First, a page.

Regular readers of the Injury Prevention blog will be well aware with my obsession with engagement. Traditionally, injury prevention – such as in road safety – focuses on the “Three E’s” of Engineering, Enforcement, and Education. I think that Engagement is the fourth, often-forgotten, essential “E”, albeit it can be very tricky to actually manage, and manage effectively.
I was interested to read the engagement experiences of a team of Australian colleagues who trialled an online injury surveillance program in 78 community sports clubs in five football leagues (see http://www.injepijournal.com/content/1/1/19). I have previously blogged regarding injuries in sports such as football, and in particular related to concussion, and this and similar contact sports continue to be of interest to injury prevention researchers, practitioners, and policy-makers. As such, community-based injury surveillance can help everyone from persons in injury prevention to those actually on the sports field. While Ekegren et al note that 44% of the 78 clubs targeted for the intervention actually adopted the program, overall only 23% of the clubs implemented the program by recording injuries in the online program in 2012, and 9% maintained the program by recording injuries in 2013.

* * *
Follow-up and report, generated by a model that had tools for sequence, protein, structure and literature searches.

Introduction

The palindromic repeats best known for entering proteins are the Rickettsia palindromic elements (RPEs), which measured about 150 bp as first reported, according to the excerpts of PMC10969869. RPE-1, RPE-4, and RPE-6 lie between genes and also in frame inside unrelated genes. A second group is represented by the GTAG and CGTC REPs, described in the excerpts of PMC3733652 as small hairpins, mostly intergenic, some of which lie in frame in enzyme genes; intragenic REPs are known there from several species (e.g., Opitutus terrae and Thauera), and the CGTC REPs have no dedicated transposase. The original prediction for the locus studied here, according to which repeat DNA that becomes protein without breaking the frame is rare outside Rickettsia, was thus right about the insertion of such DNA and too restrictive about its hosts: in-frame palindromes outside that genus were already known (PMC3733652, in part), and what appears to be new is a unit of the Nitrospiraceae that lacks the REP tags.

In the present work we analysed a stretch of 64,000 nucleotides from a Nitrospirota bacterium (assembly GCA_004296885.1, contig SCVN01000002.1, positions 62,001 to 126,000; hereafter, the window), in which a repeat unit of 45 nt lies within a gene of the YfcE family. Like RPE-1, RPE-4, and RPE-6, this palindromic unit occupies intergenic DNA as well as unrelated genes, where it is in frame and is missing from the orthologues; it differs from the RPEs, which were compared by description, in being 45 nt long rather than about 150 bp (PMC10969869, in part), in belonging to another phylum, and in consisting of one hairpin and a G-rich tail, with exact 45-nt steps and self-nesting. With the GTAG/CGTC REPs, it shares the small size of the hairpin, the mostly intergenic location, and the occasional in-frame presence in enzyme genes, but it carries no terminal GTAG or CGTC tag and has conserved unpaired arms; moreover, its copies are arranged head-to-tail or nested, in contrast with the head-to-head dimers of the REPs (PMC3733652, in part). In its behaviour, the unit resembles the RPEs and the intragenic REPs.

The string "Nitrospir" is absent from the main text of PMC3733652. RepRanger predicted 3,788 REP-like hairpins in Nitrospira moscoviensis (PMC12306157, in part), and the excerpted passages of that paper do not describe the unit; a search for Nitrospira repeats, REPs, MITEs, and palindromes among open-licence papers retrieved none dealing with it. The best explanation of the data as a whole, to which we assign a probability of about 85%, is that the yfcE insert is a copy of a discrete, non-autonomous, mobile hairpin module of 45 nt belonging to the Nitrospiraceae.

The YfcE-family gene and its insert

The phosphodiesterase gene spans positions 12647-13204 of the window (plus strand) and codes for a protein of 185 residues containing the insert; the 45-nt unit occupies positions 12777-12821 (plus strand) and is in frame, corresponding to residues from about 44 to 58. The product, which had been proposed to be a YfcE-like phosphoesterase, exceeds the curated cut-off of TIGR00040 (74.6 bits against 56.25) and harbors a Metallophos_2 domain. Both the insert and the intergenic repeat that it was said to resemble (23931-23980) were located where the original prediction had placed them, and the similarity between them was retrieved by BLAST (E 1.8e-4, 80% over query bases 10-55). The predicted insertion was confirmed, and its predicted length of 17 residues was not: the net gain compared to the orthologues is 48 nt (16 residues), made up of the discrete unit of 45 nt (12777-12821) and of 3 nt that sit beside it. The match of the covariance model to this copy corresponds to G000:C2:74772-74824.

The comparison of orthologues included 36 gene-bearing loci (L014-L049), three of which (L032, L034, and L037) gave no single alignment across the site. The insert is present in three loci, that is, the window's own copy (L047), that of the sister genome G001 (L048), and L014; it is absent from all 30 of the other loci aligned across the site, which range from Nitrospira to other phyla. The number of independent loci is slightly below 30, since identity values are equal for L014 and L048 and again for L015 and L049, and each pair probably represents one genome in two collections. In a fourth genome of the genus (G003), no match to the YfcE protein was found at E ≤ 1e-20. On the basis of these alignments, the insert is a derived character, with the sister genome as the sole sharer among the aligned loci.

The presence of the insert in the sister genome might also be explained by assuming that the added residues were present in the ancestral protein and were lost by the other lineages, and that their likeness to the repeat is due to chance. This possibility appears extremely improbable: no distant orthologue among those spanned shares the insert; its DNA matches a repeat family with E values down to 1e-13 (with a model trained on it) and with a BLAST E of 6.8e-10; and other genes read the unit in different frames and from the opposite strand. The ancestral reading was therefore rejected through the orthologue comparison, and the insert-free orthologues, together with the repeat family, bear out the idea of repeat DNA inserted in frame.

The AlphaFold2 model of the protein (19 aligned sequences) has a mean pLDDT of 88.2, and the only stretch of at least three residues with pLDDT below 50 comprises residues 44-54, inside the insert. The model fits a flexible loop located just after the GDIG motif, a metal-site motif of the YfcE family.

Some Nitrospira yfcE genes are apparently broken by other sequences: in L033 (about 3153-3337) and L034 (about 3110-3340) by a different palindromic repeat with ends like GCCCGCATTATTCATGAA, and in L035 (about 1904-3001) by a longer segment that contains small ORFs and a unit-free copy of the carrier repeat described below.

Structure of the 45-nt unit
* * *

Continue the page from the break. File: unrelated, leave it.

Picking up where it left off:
Barriers included personal factors like a lack of importance being placed on injury surveillance; socio-contextual factors such as staff shortages/changes, injury underreporting, lack of leadership/support for reporting injuries; and system factors included technical issues, data requirements, time to input data, and adjusting to a new online reporting system. Notwithstanding these barriers, facilitators include recognition that injury surveillance is important and is part of the trainer’s role (personal factors); association with a simultaneous injury prevention program (socio-contextual factors); and ease of use (system factors).
Engagement to reduce barriers and maximise benefits appears essential, and expertise and guidance in engagement appears to be a definite need in the realm of injury prevention across all domains of injury. In my own area of young driver road safety, I and others struggle to engage one key partner: parents. Perhaps learnings from one domain can help other domains, and information sharing is vital.